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I have been using Java web start for my application and I know accessing the application using web url will guaranteed the most recent version but I am curious to know if there is any way we can force the java web start application to automatically uninstall the existing version and update the application to the latest version while accessing through the shortcut.

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It should update even when run through a desktop link. Can you post your JNLP configuration file? How are you initially installing the desktop shortcut? –  Jason C Aug 7 '13 at 21:46

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I don't think there is a way to do that. Since you are using the shortcut you are using the local downloaded copy of the JNLP file when starting javaws. You (or your users) will have to click on the 'start with webstart' link on the site to ensure that the newest JNLP is downloaded which can then include the update application jars.

We do not allow shortcuts for our JNLP webstart applications which means the users must always use the link on the webpage to start our application for this exact reason.

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I don't think this is correct. It's been a while since I used Web Start and I seem to remember it working; but more concretely, docs.oracle.com/javase/tutorial/deployment/webstart states quite clearly that "Updates to a Java Web Start application are automatically downloaded when the application is run standalone from the user's desktop." –  Jason C Aug 7 '13 at 21:50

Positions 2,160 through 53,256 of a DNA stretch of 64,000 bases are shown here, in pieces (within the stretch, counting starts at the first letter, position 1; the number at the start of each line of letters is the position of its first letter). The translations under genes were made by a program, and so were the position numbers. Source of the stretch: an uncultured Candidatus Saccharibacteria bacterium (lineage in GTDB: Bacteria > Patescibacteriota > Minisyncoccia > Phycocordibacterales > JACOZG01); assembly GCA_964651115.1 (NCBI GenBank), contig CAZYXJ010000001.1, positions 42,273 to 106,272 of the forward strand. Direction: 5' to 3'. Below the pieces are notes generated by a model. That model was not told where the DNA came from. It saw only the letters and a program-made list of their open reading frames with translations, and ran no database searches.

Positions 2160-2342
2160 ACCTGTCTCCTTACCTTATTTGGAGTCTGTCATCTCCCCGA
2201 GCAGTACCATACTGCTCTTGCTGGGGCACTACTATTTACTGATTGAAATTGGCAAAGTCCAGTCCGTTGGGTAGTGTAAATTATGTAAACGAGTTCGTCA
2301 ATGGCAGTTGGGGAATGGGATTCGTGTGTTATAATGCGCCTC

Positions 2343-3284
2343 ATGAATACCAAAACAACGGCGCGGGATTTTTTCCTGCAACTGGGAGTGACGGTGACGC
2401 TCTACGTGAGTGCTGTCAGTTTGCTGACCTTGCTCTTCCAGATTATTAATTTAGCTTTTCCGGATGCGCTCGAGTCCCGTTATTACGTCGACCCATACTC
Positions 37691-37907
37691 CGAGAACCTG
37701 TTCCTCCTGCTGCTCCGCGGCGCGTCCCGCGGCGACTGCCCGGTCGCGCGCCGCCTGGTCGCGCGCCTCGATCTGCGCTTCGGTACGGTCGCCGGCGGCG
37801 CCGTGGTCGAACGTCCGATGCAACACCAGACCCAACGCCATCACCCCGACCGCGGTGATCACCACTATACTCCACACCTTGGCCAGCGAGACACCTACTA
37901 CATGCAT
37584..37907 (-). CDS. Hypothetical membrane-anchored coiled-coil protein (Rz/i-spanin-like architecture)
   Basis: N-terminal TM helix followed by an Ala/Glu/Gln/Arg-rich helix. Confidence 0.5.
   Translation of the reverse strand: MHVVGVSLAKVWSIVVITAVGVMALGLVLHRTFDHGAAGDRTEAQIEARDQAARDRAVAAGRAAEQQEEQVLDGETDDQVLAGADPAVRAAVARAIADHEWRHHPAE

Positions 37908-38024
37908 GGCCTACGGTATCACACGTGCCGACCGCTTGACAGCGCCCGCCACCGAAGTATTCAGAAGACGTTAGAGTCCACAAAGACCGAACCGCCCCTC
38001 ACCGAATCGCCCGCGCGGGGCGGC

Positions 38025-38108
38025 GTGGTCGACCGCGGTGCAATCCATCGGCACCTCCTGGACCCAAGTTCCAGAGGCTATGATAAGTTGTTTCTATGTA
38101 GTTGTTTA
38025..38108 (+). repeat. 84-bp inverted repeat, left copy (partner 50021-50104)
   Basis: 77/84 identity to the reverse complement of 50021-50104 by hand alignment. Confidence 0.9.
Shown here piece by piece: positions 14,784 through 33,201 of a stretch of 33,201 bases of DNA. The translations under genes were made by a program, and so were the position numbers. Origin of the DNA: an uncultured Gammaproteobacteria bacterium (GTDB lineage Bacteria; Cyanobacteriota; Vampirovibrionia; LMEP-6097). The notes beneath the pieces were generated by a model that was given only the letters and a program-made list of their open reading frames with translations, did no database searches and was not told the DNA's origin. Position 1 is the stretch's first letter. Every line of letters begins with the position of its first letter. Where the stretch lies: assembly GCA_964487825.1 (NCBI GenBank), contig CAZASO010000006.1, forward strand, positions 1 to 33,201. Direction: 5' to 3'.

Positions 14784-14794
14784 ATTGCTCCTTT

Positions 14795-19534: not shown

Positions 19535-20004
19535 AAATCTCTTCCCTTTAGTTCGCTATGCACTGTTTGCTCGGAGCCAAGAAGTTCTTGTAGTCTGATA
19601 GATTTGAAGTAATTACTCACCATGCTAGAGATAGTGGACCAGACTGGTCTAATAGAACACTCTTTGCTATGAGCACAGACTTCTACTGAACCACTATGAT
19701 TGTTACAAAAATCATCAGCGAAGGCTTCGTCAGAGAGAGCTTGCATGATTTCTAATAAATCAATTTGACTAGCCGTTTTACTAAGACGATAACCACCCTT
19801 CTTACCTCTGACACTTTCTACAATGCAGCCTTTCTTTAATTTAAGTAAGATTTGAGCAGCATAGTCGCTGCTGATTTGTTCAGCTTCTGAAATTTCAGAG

@Rudoph, thanks for the explaination. –  Ashish Aug 7 '13 at 21:51
    
@JasonC I know I had trouble with this at work, and that starting an 'offline' from an existing JNLP did not download a new JNLP file even if it was available on the server. Maybe web-start has evolved since, I'll have to do some testing. –  RudolphEst Aug 7 '13 at 22:07
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Updating the JNLP is harder than updating the archives referenced in it. "We do not allow shortcuts for our JNLP webstart applications" You can specify a preference for no shortcut, but cannot prevent the user creating one. -- The situation you are talking about sounds more like a JNLP that is actively generated with different arguments or properties. Not only does it not make sense to put a desktop shortcut, but the 'must click web link' also makes more sense. –  Andrew Thompson Aug 8 '13 at 22:49

You can use javaws -uninstall to remove all applications from the cache.

Or javaws -uninstall <jnlp-file> in order to remove a specific application.

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The application should update itself automatically. If you want to be sure only the new stuff is downloaded you can delete the cache (this sometimes help when there are problems). The location of cache under Windows 7 is usually at ..user\AppData\LocalLow\Sun\Java\Deployment\cache\

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